The 2014 World Cup Is On Pace To Be One Of The Best Ever – Forbes

The FIFA World Cup is arguably the world’s biggest sports tournament, which explains why even in the United States, where soccer is still a niche interest, tournament viewership is soaring. The 2014 World Cup has been particularly thrilling, and from a US-centric view of the game – high scoring is good, ties are bad – the ongoing tournament leaves incredibly little to be desired.

This year’s World Cup got off to a roaring start, with the first ten games featuring no draws, five comeback wins and nearly 3.5 goals scored per game on average. It hasn’t slowed much since. Through the 48 group stage matches, World Cup teams played to a draw just nine times. That’s the lowest number since the eight group-stage draws in 1994 – and that year featured two fewer groups. The four tournaments in between have averaged 13 draws in the group stage.

Scoring is also off the charts. Though it cooled slightly since the hot start, the group stage featured 136 total goals, or an average of nearly three per game. That’s more than any of the last four tournaments, which averaged a total of 118 group-stage goals. The 2014 World Cup has, through Monday, featured a total 150 goals scored – not including penalty shootouts – and is quickly closing in on the 171-goal record set in 1998. With ten games still to be played, a record-book performance appears to be in the making.

The stakes are even higher now that the tournament has moved into the knockout stages, and the on-field action has turned up accordingly. Of the six matches played thus far, four of them have been won in stoppage- or over-time. In other words, aside from France-Nigeria and Colombia-Uruguay, every knockout game played so far has been an absolute nail-biter. Two of those thrillers went all the way to penalty kicks, already putting the 2014 tournament halfway toward matching the record of four that was set in 1990 and again in 2006.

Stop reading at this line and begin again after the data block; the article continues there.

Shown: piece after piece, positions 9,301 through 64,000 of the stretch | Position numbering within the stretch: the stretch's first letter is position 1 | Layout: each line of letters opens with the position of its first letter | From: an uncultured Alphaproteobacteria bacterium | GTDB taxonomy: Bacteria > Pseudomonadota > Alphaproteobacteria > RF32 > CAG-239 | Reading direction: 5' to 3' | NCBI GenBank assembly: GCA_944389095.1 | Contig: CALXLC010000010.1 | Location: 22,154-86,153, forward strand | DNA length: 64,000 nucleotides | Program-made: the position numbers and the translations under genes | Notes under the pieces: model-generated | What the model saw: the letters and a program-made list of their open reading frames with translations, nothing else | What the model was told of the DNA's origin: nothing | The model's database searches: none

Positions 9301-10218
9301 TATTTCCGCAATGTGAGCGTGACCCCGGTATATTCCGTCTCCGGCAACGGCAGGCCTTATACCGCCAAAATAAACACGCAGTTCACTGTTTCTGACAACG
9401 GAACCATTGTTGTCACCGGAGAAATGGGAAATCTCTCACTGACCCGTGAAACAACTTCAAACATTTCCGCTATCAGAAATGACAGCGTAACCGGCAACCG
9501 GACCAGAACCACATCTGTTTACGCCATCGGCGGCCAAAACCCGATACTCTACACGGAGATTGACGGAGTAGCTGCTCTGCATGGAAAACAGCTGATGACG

And not only has there been tons of excitement, but much of it has come from thrilling underdog victories.

Despite the loss of phenom striker Radamel Falcao, Colombia scored nine goals in the group stage, second-most behind only the Netherlands, and has already eliminated Uruguay in the knockout stage. Costa Rica scored a massive upset over Italy, helping to send the European power packing, and also nabbed a ticket to the quarterfinals with a round-of-16 victory over Greece. And Chile, one of the tournament’s most exciting teams, knocked off reigning champion Spain in their group and nearly eliminated tournament favorite Brazil, taking the home team all the way to penalty kicks before relenting.

Neymar,  Mauricio Isla

In short, the 2014 World Cup, despite some backfires for the host nation, is on pace to be one of the most exciting tournaments in World Cup history. And with the United States set to take on Belgium on Tuesday afternoon with a quarterfinal berth on the line, it may soon get even better.

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